With the Supreme Court’s ruling on the new healthcare law last Thursday, discussion of its influence on the presidential election has overtaken coverage of the economy. In response to the ruling backing the constitutionality of Obamacare, Romney changed his approach in discussing the new law.
Following the Supreme Court’s decision to uphold Obama’s healthcare law as constitutional, coverage of its influence as it relates to the presidential race skyrocketed. From June 27 to June 30, discussion of Healthcare increased from 6% to 74% of coverage on the election. In the first few days of July, its discussion has since dropped to 43% as coverage of the economy has returned.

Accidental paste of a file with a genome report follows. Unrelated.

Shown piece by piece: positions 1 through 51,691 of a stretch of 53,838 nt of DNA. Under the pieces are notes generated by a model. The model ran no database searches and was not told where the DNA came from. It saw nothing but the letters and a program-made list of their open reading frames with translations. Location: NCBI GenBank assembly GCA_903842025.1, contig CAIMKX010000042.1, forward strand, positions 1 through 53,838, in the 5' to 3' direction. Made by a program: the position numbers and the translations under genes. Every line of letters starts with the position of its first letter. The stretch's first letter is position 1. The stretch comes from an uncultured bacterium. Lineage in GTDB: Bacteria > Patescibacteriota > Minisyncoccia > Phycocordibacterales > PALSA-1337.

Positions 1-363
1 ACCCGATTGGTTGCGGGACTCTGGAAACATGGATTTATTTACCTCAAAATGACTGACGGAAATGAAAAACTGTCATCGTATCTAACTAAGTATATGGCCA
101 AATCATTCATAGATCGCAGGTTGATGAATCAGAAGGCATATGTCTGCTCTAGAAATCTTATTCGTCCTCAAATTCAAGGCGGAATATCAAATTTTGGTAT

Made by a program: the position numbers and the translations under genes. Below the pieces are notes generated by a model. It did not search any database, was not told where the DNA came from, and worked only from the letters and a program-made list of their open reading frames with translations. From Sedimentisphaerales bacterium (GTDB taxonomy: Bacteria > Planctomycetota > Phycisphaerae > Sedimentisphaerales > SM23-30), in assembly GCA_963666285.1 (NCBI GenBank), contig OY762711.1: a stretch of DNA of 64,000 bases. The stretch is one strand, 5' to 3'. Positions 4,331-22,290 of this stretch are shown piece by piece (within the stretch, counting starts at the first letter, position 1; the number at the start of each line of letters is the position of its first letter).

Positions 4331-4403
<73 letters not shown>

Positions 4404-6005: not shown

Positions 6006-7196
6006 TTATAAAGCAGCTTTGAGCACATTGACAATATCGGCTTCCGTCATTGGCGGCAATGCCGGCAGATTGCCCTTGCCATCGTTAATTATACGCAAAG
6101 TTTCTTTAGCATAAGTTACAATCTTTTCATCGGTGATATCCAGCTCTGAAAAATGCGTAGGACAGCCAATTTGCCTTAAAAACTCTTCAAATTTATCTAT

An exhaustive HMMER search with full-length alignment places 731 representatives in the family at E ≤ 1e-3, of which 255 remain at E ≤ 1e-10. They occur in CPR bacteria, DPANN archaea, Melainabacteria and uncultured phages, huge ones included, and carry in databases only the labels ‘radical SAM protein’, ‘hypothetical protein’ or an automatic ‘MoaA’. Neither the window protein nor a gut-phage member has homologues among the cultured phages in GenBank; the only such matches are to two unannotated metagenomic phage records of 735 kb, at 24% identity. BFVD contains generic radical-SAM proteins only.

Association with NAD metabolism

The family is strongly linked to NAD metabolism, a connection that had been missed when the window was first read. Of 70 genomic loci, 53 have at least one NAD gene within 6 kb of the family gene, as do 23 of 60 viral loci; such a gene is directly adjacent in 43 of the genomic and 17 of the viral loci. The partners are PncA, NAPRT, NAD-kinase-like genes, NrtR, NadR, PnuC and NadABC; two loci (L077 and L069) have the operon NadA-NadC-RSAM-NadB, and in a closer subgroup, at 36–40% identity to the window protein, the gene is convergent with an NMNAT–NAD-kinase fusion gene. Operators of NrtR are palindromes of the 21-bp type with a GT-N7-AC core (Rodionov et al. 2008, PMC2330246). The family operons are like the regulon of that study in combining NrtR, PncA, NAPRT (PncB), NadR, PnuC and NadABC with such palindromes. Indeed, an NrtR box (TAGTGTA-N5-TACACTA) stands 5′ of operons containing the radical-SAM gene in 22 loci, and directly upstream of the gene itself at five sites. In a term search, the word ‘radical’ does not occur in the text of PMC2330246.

While Obama had plenty to say about the passing of his law, over 27% of the statements in election coverage about Healthcare in the past month came from Mitt Romney. Romney’s reaction to the passage of the law was of high interest for the media, since “Romneycare” and “Obamacare” are often compared as similar healthcare systems. Romney’s statements about the law were amplified in radio, television and print. He took this voiceshare opportunity to criticize the law and pledged, if elected, to repeal it his first day in office. 71% of Romney’s statements about healthcare in the past month have been negative toward Obama. He and other Republican voices such as Mitch McConnell and John Boehner have criticized Obama for encroaching on citizens’ personal liberties and labeled the law as a new tax on the American people.